SOP’s DiPaula Leads Task Force to Develop Naloxone Guidelines for Pharmacists

Guidelines aim to increase patients’ access to naloxone by educating pharmacists on the use and administration of this lifesaving medication.

By Malissa Carroll
September 1, 2015

Earlier this year, the College of Psychiatric and Neurologic Pharmacists (CPNP) released Naloxone Access: A Practical Guideline for Pharmacists to help educate pharmacists across the United States on the use and administration of naloxone. Developed by the organization’s Substance Abuse Task Force for which Bethany DiPaula, PharmD, BCPP, associate professor in the Department of Pharmacy Practice and Science (PPS) at the University of Maryland School of Pharmacy, serves as chair, these guidelines provide pharmacists with crucial information to help increase patients’ access to this lifesaving medication.

“In the past, naloxone was only prescribed for individuals who were treated for opioid overdose by health care professionals such as physicians, nurses, or paramedics,” says DiPaula. “However, new laws in the state of Maryland as well as in other states have expanded access to this critical antidote to outpatient settings. The role of the pharmacist in preventing and treating opioid overdose has also expanded, presenting a number of unique legal, educational, and procurement challenges. This guide serves as a resource to pharmacists across the country, providing all of the information necessary for them to properly procure, dispense, and educate patients about naloxone in one place.”

Raymond Love, PharmD, BCPP, FASHP, professor in PPS and director of the Mental Health Program at the School of Pharmacy, served on the Substance Abuse Task Force with DiPaula, assisting with the development of the guidelines. He is now serving his first term as president of CPNP.

During an opioid overdose, an individual’s breathing slows, then stops altogether. If administered immediately, naloxone can reverse the symptoms associated with opioid overdose by attaching to and blocking opioid receptors in the brain, improving the individual’s breathing. The guide — for which DiPaula led efforts to write, edit, and raise awareness — provides pharmacists with important information about naloxone, including patient selection, how the medication is supplied, prescribing and dispensing, intranasal and intramuscular administration, acquisition and reimbursement, storage, supporting laws and regulations, and frequently asked questions.

“With the publication of this new guide, our goal was to help save people’s lives by further expanding access to naloxone,” says DiPaula. “We believe that one of the easiest ways to increase access to this lifesaving medication is to ensure that pharmacists are knowledgeable about how to obtain the medication as well as how to educate individuals in the community about its use. By giving pharmacists the tools that they need to educate individuals on the use of naloxone, we are increasing the likelihood that, should an individual overdose, there will be someone nearby who knows about this medication and has it on-hand to administer.”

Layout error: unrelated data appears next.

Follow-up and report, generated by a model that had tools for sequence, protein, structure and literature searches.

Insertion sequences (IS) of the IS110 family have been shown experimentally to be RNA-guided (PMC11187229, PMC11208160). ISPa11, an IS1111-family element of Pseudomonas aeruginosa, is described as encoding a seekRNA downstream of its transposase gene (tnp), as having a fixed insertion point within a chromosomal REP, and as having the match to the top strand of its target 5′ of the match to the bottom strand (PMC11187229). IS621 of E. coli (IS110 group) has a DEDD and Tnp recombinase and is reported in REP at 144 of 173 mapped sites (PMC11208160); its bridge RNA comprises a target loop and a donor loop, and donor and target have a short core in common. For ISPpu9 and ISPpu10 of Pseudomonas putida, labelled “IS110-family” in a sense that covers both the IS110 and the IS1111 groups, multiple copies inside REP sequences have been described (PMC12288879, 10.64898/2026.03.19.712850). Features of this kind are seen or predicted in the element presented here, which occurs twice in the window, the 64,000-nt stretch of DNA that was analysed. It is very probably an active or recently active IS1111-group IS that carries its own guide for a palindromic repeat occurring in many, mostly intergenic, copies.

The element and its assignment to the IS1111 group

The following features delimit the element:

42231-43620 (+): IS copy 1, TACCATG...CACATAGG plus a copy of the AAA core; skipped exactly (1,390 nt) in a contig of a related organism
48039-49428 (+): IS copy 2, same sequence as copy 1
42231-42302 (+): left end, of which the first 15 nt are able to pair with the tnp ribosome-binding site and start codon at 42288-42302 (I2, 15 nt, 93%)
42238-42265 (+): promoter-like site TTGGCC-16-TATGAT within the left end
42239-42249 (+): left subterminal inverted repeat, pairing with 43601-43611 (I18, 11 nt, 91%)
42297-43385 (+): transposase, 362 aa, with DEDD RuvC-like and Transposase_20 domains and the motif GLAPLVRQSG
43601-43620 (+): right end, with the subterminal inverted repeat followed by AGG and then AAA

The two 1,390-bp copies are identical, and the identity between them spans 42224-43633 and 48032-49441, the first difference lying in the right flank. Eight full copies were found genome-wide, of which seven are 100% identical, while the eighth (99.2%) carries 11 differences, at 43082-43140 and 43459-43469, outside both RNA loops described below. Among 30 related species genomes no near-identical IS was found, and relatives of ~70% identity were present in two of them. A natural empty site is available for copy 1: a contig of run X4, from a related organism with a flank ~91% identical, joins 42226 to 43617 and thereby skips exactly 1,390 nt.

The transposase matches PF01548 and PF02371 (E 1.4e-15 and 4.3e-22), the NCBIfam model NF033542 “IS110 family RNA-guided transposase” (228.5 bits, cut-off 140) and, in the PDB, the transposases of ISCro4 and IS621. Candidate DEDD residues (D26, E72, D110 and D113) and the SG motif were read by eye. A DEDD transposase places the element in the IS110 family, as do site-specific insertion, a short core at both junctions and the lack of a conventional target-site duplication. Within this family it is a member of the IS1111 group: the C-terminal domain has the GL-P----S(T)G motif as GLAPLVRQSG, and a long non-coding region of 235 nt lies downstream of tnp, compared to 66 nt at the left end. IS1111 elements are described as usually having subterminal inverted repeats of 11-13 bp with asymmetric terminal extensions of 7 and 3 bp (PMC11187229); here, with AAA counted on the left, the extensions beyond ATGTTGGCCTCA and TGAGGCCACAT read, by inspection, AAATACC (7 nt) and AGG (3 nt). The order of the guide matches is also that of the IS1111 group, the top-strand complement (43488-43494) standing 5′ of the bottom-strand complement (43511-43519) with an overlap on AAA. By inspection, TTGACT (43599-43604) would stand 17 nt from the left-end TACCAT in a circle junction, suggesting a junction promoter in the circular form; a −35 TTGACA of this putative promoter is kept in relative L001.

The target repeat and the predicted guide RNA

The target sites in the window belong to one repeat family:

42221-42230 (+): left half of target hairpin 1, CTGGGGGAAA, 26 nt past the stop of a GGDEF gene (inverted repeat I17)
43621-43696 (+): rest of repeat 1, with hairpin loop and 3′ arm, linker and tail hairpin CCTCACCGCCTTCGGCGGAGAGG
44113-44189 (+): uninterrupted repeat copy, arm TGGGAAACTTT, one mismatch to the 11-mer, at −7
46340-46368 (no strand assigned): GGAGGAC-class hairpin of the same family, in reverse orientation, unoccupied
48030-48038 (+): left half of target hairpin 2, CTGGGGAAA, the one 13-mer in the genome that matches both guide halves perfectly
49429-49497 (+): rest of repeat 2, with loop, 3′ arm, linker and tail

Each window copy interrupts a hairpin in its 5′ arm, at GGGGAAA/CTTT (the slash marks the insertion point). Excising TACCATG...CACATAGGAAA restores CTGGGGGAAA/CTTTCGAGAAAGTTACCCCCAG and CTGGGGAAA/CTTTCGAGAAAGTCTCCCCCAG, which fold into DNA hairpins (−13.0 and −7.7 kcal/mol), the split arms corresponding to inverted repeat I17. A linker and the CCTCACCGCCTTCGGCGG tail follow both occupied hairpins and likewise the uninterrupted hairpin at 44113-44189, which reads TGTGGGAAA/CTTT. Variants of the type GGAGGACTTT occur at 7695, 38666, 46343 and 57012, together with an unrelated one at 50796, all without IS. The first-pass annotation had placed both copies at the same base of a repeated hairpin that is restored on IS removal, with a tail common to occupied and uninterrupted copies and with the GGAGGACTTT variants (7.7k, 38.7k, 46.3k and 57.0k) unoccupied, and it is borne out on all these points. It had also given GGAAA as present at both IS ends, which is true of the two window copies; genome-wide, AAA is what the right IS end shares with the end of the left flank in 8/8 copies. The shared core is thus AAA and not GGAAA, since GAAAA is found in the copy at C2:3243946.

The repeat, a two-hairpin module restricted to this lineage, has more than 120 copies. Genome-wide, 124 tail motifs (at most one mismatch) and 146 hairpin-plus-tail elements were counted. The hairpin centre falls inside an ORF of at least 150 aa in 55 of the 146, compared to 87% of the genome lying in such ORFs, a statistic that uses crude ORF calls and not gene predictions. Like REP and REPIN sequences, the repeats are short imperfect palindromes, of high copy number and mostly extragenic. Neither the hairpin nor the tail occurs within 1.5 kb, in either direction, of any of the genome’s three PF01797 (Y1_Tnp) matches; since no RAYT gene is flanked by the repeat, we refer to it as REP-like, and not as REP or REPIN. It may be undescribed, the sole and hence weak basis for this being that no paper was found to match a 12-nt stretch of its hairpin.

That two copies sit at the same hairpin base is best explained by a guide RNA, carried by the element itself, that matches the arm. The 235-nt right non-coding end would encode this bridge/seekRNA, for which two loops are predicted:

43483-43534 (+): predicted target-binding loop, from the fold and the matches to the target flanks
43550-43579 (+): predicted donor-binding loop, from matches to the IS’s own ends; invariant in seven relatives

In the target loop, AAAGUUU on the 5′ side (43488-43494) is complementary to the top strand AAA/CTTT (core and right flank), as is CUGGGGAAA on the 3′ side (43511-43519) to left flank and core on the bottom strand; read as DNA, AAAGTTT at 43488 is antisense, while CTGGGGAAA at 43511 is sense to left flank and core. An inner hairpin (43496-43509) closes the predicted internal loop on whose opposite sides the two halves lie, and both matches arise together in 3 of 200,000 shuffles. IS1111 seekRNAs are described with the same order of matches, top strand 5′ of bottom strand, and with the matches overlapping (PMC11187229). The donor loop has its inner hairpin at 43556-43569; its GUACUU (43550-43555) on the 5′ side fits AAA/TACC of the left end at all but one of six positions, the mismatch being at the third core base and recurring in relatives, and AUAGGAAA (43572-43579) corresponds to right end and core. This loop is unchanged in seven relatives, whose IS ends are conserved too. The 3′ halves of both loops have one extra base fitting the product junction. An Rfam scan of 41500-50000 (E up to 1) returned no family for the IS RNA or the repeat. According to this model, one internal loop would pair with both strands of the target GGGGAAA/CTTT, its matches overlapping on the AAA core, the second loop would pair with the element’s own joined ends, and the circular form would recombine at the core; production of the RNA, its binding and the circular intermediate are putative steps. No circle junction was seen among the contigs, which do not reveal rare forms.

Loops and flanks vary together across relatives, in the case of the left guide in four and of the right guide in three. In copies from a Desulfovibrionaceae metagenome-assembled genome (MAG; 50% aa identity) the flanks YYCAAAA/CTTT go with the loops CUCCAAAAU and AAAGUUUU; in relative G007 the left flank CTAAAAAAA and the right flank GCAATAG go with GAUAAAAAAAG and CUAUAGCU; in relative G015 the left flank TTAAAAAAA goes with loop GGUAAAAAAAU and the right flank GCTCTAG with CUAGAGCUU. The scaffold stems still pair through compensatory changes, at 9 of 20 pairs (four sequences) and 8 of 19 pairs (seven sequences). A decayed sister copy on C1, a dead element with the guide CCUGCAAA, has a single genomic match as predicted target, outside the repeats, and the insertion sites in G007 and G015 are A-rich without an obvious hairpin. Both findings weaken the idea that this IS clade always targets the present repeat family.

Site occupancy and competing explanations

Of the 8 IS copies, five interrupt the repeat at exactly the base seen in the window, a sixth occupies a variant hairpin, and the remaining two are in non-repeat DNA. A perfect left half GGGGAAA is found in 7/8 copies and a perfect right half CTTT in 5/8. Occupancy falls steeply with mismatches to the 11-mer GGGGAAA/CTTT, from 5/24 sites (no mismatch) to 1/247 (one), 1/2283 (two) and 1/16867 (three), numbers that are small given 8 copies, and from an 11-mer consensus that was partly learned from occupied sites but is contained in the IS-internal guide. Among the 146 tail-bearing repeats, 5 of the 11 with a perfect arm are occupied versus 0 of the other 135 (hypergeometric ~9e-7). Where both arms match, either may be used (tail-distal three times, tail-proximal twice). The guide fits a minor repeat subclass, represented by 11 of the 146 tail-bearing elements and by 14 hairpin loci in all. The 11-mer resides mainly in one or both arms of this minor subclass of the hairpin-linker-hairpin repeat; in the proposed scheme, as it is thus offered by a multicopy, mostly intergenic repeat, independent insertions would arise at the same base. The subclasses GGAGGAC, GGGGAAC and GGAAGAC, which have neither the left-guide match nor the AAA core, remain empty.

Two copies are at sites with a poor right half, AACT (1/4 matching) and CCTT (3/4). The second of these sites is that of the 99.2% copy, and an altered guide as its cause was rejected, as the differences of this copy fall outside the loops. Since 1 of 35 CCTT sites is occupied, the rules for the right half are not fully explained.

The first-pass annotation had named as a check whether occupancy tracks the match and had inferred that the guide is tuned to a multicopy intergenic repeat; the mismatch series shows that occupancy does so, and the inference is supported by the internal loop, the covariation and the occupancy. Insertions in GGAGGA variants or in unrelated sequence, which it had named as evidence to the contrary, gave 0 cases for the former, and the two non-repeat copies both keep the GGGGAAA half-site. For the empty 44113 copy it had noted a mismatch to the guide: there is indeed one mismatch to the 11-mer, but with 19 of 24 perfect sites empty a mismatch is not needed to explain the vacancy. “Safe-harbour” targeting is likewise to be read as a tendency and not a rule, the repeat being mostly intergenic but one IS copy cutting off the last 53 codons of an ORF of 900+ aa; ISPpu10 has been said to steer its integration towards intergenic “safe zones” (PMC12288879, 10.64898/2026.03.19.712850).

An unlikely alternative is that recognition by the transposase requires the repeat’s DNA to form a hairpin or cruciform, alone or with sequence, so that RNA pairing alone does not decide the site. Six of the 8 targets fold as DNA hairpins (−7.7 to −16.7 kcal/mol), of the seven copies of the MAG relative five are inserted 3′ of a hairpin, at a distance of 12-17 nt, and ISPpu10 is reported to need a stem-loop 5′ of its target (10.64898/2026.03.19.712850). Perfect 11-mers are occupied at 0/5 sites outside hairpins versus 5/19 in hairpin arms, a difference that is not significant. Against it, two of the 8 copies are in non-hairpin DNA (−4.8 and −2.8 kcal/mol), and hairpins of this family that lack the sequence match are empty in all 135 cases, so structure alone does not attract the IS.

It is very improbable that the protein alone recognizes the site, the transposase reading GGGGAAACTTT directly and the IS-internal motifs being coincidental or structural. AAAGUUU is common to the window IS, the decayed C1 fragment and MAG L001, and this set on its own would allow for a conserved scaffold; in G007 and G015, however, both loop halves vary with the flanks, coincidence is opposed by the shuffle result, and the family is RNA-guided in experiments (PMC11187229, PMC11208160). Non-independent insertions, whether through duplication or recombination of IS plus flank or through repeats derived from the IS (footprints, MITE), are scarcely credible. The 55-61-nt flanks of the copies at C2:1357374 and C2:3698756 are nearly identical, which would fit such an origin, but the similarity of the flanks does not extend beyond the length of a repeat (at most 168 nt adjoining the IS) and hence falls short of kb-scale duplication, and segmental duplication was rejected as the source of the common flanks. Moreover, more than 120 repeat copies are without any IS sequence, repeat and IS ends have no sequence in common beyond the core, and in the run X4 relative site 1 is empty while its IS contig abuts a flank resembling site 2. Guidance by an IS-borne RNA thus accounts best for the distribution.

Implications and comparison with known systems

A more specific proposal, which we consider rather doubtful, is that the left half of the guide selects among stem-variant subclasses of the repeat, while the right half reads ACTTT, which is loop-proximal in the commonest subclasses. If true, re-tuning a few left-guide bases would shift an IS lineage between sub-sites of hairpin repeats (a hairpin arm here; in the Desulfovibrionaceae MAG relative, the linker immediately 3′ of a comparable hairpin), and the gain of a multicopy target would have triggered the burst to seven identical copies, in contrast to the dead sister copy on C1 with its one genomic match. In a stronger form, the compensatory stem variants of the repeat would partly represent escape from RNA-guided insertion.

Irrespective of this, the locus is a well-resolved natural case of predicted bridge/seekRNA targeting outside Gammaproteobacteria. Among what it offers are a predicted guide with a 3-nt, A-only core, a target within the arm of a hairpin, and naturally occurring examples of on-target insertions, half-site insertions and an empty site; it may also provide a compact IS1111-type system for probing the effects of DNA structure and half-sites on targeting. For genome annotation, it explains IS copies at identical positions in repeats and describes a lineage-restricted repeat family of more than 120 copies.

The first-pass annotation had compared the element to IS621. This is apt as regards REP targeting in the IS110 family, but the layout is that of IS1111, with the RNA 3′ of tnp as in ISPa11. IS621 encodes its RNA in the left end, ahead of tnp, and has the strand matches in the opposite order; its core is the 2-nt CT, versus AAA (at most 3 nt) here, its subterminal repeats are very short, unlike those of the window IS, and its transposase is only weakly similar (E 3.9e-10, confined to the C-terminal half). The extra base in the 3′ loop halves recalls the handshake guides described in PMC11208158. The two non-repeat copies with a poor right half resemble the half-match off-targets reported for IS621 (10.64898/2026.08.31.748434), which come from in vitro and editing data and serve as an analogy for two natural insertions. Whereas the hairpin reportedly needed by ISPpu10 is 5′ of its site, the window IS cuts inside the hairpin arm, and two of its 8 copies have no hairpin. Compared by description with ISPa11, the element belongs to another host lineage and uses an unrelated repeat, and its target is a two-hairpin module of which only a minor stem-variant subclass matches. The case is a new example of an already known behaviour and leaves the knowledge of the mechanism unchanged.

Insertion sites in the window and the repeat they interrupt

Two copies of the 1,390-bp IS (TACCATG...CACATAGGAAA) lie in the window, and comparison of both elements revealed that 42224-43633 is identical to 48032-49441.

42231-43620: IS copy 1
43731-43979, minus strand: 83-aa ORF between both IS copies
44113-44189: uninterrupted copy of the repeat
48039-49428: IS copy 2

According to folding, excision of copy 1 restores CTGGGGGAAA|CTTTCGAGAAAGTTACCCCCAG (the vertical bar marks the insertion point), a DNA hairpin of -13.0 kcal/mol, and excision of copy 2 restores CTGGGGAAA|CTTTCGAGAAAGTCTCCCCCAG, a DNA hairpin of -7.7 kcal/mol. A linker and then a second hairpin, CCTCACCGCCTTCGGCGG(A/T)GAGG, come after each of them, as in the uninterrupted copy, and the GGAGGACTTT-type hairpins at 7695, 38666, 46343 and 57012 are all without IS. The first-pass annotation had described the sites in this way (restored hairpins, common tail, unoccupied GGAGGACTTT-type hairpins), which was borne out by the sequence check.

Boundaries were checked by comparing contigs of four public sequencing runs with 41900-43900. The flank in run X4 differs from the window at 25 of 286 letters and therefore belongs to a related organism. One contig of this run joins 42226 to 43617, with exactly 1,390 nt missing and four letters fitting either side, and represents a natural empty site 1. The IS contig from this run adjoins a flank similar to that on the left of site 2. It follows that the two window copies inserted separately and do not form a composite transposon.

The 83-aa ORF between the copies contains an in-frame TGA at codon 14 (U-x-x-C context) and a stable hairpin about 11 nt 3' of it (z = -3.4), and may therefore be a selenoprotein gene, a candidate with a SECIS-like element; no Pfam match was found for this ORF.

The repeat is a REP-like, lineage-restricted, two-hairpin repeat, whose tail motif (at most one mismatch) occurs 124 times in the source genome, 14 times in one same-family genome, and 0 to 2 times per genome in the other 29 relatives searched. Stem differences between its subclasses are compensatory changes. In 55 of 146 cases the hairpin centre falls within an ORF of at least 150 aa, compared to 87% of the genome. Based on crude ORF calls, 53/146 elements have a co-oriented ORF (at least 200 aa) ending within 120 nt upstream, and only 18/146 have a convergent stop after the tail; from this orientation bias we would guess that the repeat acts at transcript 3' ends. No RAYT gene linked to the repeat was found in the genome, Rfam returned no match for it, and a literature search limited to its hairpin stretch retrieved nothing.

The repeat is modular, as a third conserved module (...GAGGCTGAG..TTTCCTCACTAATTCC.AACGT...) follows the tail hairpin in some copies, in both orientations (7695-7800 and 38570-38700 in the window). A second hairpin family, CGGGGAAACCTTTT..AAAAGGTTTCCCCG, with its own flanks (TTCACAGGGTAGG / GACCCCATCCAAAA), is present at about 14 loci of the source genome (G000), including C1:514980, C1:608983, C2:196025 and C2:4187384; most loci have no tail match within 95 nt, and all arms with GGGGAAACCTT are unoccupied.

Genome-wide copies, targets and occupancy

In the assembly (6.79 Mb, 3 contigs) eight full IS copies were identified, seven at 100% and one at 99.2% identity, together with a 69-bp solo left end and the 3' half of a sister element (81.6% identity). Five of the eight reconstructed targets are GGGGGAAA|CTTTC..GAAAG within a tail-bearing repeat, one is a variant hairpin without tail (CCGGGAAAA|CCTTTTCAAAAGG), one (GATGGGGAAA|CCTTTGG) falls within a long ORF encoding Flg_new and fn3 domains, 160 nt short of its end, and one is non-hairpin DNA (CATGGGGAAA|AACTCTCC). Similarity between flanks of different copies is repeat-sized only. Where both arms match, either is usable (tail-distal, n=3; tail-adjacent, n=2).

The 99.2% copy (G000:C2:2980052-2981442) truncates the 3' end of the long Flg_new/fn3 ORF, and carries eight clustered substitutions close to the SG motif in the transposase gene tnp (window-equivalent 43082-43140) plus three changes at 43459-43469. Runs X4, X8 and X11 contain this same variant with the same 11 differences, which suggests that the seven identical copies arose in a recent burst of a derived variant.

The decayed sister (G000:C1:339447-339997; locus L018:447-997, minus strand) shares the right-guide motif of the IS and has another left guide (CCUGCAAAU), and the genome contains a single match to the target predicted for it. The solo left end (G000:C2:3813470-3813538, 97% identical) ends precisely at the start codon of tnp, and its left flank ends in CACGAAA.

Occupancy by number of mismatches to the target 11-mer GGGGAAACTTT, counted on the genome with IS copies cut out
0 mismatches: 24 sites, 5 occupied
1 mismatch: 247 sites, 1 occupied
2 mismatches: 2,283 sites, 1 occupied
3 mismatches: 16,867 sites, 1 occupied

However, DiPaula notes that administration of this medication remains a challenge for the individuals looking to procure it and pharmacists wanting to dispense it. “Traditionally, individuals in need of a prescription to address the symptoms of a specific illness visit their doctor to receive the prescription, which they typically administer themselves. But, individuals who have overdosed cannot administer naloxone themselves. Instead, the individuals often in need of this prescription are bystanders who have family members or friends at risk for opioid overdose,” she explains.

Though, a new state law scheduled to take effect in October could help eliminate barriers to naloxone access for Maryland residents. Once enacted, this law could help facilitate the establishment of new collaborative practice agreements between pharmacies and physicians’ offices and implement the use of standing orders – written instructions issued by a physician authorizing a particular person or class of people who do not have prescribing rights to administer and/or supply a specified medication – to further expand the pharmacist’s role in dispensing naloxone and educating patients and caregivers about its use.

“The use of standing orders and collaborative practice agreements have helped to expand access to naloxone across the country,” says DiPaula. “However, the laws in each state can vary tremendously as to how pharmacists are permitted to operate under these measures, which reinforced the need for national guidelines surrounding the use and administration of this important medication. These guidelines have been very well-received by pharmacists across the nation since their publication earlier this year.”

Pharmacists interested in reviewing Naloxone Access: A Practical Guideline for Pharmacists can visit CPNP’s website, where the living document will be housed and maintained. There is no cost to access this resource.

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